NTL will be rebranded as Virgin Media in 2007
The UK's main commercial broadcaster ITV has become a takeover target. Satellite broadcaster BSkyB has spent £940m amassing a 17.9% stake in the company while its rival, cable television operator NTL, has made a merger proposal.
Now the television industry and the financial markets are eagerly watching for the next episode in the drama.
Why is ITV seen as a target?
The number of people watching its flagship ITV1 channel has fallen as the growth of multi-channel TV has increased consumer viewing choices.
ITV's programme output has been criticised for lacking imagination and relying too heavily on reality-based shows.
At the same time, ITV1's share of advertising has fallen in the face of rival channels and the growth of the internet as an advertising medium.
ITV has been without a permanent chief executive since the end of September, fuelling concerns about its future direction and leadership.
That said, ITV remains a successful business and a highly attractive brand.
ITV1 is the UK's most watched commercial TV channel, attracting 45 million viewers on average a week.
It also has a huge programme library, and produces more than £600m of original programming itself a year.
What does NTL hope to gain by merging with ITV?
NTL is the main provider of cable TV services in the UK.
But it has always needed to buy in content.
By merging with ITV, it will have a source of programmes.
It will also be able to cross-promote its services from free-to-air channels.
And that could help it steal a march on its larger, better capitalised rival BSkyB.
Why did ITV reject the NTL proposal?
The ITV board has said that NTL proposal did not offer fair value for the company.
ITV1 still attracts large audiences
ITV believes that NTL has under-valued its shares, and that its fortunes will revive.
It also suspects that NTL - which already has large debts - would finance its purchase by taking out more debt, putting a bigger burden on shareholders in the future.
And it does not believe that NTL's cable distribution system would help it much.
ITV is already moving to distribute more programmes on free-to-air satellite channels.
Why did BSkyB buy a stake in ITV?
BSkyB said it saw in ITV a lot of potential to make money for shareholders - hoping to help turn around the troubled broadcaster.
However, few believed that the motive of BSkyB and its chief executive James Murdoch was as simple as this.
The theory carrying most credence is that BSkyB wanted to scupper a tie-up between ITV and NTL - in what BBC Business Editor Robert Peston described as "an astonishing spoiling tactic".
In a world moving increasingly towards cable and broadband - rather than satellite - BSkyB may well have seen a real threat in an ITV/NTL partnership.
BSkyB's James Murdoch believes ITV is a good investment
The satellite broadcaster may also have been worried that together ITV and NTL would have been able to pitch for lucrative contracts on which BSkyB depends to keep its viewers - most notably Premiership football.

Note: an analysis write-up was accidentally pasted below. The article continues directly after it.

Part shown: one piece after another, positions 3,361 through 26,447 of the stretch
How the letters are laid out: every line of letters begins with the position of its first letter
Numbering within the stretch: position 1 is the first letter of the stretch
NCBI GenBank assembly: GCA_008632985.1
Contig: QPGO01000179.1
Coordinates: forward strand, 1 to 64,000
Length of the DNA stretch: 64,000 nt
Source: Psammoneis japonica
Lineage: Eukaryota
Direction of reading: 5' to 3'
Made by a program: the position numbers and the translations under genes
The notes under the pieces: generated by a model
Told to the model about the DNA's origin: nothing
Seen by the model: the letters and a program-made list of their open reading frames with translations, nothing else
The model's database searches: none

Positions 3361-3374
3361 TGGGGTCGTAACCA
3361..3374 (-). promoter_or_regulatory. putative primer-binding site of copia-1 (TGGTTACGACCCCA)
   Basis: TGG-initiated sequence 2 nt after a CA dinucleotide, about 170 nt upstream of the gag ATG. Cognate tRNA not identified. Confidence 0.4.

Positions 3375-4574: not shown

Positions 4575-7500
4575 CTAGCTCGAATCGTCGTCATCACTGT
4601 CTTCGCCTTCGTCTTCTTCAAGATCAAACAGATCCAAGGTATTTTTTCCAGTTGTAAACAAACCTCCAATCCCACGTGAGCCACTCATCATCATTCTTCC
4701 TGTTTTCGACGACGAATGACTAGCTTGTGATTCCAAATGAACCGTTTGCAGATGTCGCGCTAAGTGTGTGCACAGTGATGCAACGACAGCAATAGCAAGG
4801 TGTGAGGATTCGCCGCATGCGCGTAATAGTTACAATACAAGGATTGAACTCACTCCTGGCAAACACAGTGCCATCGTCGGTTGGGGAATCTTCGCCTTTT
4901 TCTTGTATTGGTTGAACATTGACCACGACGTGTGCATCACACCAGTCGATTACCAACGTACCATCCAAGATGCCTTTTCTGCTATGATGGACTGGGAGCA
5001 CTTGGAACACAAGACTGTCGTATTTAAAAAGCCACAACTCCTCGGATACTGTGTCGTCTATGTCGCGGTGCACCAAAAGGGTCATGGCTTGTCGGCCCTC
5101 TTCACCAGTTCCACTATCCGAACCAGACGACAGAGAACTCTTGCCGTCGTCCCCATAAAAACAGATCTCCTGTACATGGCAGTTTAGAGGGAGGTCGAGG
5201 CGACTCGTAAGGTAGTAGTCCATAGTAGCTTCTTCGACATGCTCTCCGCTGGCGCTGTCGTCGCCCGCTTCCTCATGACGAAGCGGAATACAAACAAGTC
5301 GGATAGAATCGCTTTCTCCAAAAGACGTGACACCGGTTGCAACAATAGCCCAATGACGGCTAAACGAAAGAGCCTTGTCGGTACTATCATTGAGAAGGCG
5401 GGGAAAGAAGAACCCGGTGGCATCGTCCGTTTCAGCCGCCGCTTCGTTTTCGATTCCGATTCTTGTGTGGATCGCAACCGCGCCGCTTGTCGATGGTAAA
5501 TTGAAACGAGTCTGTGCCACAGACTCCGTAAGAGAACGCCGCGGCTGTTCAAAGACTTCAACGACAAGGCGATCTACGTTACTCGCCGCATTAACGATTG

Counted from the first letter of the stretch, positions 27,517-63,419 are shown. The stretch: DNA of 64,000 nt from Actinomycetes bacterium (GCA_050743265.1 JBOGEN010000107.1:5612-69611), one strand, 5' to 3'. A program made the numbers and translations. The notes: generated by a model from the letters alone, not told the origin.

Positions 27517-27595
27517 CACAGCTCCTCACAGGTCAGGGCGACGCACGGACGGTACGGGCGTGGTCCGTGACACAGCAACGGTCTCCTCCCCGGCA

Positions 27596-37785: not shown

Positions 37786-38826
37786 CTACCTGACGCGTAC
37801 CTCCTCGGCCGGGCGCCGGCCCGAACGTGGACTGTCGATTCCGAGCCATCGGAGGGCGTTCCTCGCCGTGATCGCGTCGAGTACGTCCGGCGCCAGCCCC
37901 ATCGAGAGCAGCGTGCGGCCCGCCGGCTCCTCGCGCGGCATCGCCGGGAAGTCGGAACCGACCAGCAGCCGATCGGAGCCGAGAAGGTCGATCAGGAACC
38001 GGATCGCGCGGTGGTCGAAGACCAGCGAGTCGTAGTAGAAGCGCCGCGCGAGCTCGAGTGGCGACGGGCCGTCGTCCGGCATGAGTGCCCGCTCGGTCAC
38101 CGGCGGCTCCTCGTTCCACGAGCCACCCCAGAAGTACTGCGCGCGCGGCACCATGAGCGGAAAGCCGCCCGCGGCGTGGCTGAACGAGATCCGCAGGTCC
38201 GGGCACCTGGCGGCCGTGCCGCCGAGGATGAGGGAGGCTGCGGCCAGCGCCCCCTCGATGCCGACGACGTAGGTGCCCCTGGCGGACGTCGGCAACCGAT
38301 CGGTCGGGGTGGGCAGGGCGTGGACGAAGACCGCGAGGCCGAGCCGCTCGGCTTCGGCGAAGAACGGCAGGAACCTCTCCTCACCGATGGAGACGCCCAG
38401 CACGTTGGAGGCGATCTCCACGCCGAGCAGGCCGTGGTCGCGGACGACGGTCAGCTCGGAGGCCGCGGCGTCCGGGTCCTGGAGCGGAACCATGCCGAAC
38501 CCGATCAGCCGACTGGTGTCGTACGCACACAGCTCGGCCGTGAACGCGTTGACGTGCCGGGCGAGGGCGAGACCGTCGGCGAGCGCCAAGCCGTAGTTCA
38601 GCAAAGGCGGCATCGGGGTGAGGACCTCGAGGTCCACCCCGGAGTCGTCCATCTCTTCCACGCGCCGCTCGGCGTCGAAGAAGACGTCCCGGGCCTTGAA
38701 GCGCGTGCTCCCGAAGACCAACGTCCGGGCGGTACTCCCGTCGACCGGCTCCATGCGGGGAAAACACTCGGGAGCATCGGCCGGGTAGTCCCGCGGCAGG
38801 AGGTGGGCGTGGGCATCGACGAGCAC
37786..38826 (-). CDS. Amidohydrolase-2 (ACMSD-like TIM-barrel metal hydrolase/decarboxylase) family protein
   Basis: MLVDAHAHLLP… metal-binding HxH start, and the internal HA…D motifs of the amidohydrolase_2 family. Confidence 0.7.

By buying just under 18% of ITV, it has seized enough ground to make it hard for NTL to continue its takeover plans - while at the same time not falling foul of regulators which allow it to own no more than 20% on competition grounds.
While BSkyB says it does not want a seat on the board at ITV, a close relationship may make commercial sense.
There is the potential for the two firms to share more sports rights and strike deals to use ITV shows as content on its own channels.
Some analysts believe BSkyB's move has - if nothing else - put any NTL-ITV alliance "on ice" until regulatory issues have been ironed out.
What are NTL's objections to BSkyB's move?
Essentially, it thinks that the only reason BSkyB has got involved in ITV is because it knew NTL was eyeing it up.
Therefore BSkyB's intervention was anti-competitive, NTL is likely argue.
It is also, perhaps understandably, a bit miffed that its plans have been scuppered.
NTL would have great difficulty in doing a deal with ITV while BSkyB has such a big stake, which gives it a vote on the board and a potential veto on any deals.
And as NTL was relying on large levels of debt to finance any move for ITV, it may struggle to secure the funding if it was not to have 100% control of the company.
What will happen now?
Sir Richard Branson, who became NTL's largest shareholder after its acquisition of Virgin Mobile, has called on the Office of Fair Trading to intervene.
as he believes BSkyB's move may breach the Enterprise Act.
NTL may also appeal to British and European regulators.
NTL sees itself as the only serious competition to BSkyB in the UK cable television industry and believes that it has been stopped from being able to compete.
It believes BSkyB should be forced to cut its ITV stake or sell it completely.
Are there any other players in this soap opera?
German broadcaster RTL was rumoured to be preparing its own bid for ITV but reports suggest its interest has cooled.
Earlier in the year, other private equity groups appeared to be preparing a bid, and one even approached former BBC boss Greg Dyke as a possible chairman of ITV.
Now that ITV has rejected the NTL proposal, they may come back into the game.